The Hugo Awards are given annually for the best science fiction or fantasy works and achievements of the previous year. They are named after Hugo Gernsback, the founder of the pioneering science fiction magazine Amazing Stories (recently resurrected by Steve Davidson et al. at The Experimenter Publishing Company—and itself worthy of a Hugo nomination). 

Organized and overseen by the World Science Fiction Society, the awards are given each year at the annual World Science Fiction Convention as the central focus of the event. They were first given in 1953, at the 11th World Science Fiction Convention, and have been awarded every year since 1955. Over the years that the award has been given, the categories presented have changed; currently Hugo Awards are given in more than a dozen categories, and include both written and dramatic works of various types.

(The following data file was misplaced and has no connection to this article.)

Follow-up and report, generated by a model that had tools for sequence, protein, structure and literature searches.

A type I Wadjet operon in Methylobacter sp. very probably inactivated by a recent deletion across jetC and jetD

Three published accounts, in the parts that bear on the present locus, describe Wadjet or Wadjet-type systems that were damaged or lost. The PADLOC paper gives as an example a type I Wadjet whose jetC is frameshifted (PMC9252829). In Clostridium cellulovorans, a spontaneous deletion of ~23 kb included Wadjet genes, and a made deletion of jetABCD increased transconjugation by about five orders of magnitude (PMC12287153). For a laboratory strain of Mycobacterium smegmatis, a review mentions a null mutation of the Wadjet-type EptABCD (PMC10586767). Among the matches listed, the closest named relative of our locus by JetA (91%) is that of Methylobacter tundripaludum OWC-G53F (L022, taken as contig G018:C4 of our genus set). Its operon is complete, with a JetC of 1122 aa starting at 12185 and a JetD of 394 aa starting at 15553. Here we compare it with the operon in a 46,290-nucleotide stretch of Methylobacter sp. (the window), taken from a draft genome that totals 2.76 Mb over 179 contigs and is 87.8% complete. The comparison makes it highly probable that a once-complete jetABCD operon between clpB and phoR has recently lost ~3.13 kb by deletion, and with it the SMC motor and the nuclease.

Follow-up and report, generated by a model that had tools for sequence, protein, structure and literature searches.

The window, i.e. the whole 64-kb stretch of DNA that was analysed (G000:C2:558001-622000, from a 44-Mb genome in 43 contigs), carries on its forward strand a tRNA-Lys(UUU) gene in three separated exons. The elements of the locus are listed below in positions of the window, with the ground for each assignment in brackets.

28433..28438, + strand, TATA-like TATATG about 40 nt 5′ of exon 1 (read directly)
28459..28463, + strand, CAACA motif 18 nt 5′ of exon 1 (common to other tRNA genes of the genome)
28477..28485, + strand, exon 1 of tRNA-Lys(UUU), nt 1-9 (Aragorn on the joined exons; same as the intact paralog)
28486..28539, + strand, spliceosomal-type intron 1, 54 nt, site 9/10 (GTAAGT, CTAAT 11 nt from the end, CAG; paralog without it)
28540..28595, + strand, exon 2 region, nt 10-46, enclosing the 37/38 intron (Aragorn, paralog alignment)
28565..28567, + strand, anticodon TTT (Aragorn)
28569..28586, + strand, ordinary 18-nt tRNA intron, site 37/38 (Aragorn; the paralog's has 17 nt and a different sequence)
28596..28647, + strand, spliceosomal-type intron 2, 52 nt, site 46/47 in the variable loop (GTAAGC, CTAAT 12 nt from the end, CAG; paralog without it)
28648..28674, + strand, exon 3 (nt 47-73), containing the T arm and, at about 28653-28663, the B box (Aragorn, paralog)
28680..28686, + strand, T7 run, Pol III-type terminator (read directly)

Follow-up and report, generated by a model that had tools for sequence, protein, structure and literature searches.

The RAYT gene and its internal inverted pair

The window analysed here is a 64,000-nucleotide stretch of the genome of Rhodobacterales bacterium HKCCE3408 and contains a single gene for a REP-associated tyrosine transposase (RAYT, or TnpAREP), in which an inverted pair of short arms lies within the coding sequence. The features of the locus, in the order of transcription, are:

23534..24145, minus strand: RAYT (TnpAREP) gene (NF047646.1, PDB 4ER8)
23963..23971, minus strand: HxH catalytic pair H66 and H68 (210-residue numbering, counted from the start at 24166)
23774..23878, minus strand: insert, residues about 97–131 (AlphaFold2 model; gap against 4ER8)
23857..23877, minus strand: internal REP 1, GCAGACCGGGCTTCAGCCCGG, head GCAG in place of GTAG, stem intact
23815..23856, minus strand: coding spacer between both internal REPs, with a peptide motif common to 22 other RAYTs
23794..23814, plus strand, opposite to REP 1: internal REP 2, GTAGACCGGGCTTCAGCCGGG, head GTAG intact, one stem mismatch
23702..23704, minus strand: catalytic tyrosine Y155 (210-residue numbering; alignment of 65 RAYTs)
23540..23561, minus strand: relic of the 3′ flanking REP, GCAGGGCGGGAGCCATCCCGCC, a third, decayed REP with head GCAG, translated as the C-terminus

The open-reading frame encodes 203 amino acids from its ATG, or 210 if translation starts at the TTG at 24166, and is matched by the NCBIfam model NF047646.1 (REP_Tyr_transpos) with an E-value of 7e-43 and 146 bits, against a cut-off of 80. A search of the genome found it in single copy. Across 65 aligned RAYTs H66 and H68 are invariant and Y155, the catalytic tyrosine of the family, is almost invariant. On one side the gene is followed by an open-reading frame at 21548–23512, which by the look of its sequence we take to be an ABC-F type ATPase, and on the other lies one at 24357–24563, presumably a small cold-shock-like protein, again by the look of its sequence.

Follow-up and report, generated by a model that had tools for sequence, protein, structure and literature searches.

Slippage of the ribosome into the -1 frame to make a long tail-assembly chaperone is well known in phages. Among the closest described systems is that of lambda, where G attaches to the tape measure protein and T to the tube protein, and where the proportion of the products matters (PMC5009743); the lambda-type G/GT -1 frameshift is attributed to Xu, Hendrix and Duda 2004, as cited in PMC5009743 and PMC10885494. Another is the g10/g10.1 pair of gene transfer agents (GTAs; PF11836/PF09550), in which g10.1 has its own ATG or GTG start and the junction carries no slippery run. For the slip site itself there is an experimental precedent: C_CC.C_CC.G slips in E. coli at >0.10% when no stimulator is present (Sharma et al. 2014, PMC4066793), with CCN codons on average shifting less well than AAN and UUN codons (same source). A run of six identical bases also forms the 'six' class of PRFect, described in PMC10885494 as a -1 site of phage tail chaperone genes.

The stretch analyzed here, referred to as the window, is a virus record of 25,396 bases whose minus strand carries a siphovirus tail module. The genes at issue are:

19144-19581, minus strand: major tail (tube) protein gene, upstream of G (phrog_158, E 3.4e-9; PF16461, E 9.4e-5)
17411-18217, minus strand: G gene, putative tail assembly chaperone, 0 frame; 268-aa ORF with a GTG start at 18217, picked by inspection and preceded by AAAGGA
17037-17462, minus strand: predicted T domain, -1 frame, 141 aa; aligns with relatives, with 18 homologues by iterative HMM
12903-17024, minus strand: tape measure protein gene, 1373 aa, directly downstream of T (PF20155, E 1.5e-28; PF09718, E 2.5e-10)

Like the Canadian Aurora Awards, the Hugo Award winners are selected through a process of initial nominations to determine a short list from which voters then choose the winner. This makes the initial nomination stage critical. Eligible works must receive sufficient nominations to be considered “nominated” and to warrant being on the voting ballet.

This year, voters should consider a wonderful new fanzine out of Europe dedicated to the European science fiction community: Europa SF, the European Science Fiction portal.

Europa SF appeared online in October 2012 and has already attracted worldwide attention. Here’s what Marian Truta said in the first editorial: